Oh look. Other news. The New York Times reports:
A decade ago, Mayor Michael R. Bloomberg of New York offered a plan to ease traffic in Manhattan and raise hundreds of millions of dollars to improve the city’s aging infrastructure. Drivers would be charged $8 to enter the most congested parts of Manhattan during peak commuting hours. The plan was crushed in Albany, derailed before it was even brought for a vote.
Now, with the city’s subways in crisis — with daily delays increasingly common and its equipment in dire condition — Gov. Andrew M. Cuomo, who once doubted that congestion pricing would gain any traction in the state, is planning to resurrect the idea and will expend political capital to see it succeed.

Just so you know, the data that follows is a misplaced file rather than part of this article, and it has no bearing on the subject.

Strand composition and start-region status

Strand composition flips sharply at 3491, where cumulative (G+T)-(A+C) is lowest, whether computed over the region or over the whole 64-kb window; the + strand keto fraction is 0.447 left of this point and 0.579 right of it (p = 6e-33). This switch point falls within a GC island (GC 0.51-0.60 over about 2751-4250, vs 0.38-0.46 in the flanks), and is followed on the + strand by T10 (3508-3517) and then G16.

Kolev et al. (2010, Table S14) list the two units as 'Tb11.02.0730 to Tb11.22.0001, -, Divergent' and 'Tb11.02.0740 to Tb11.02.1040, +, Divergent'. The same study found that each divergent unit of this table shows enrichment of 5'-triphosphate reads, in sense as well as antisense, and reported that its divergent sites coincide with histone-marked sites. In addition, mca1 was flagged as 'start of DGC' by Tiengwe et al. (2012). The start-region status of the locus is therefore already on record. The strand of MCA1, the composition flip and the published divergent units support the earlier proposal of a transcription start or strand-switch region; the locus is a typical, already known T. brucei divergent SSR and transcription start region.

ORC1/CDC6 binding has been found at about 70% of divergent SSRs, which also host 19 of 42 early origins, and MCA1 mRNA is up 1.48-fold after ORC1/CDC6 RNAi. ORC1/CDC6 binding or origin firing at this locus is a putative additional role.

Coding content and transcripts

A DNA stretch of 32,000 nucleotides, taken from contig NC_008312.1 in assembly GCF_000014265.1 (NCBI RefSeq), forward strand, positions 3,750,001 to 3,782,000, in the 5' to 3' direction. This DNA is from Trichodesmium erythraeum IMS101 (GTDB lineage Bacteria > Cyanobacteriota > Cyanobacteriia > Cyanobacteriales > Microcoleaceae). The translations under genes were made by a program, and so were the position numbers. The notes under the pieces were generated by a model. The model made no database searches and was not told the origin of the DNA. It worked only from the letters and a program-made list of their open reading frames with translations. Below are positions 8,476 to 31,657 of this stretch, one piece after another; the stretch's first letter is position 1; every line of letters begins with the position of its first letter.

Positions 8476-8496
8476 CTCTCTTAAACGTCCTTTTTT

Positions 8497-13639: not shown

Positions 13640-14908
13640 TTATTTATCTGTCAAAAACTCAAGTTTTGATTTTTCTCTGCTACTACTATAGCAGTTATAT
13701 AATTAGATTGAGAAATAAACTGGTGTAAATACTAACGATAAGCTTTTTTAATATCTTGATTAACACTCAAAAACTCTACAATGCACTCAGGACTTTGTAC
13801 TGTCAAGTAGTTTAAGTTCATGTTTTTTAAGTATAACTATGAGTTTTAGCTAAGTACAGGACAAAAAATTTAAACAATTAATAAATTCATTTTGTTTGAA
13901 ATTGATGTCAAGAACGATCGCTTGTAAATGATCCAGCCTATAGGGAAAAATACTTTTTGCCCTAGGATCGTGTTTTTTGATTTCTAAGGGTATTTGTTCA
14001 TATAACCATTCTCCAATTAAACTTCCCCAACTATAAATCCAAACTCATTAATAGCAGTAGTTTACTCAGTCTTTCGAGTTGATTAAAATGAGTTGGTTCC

With voters increasingly blaming him for the transit mess, Mr. Cuomo is working behind the scenes to draft a proposal and is using Mr. Bloomberg’s failed campaign as a lesson to improve its chances of winning the support of stakeholders, including the State Legislature.
A grassroots group has proposed charging tolls each way on all the East River bridges, which are currently free in each direction. London instituted congestion pricing in 2003.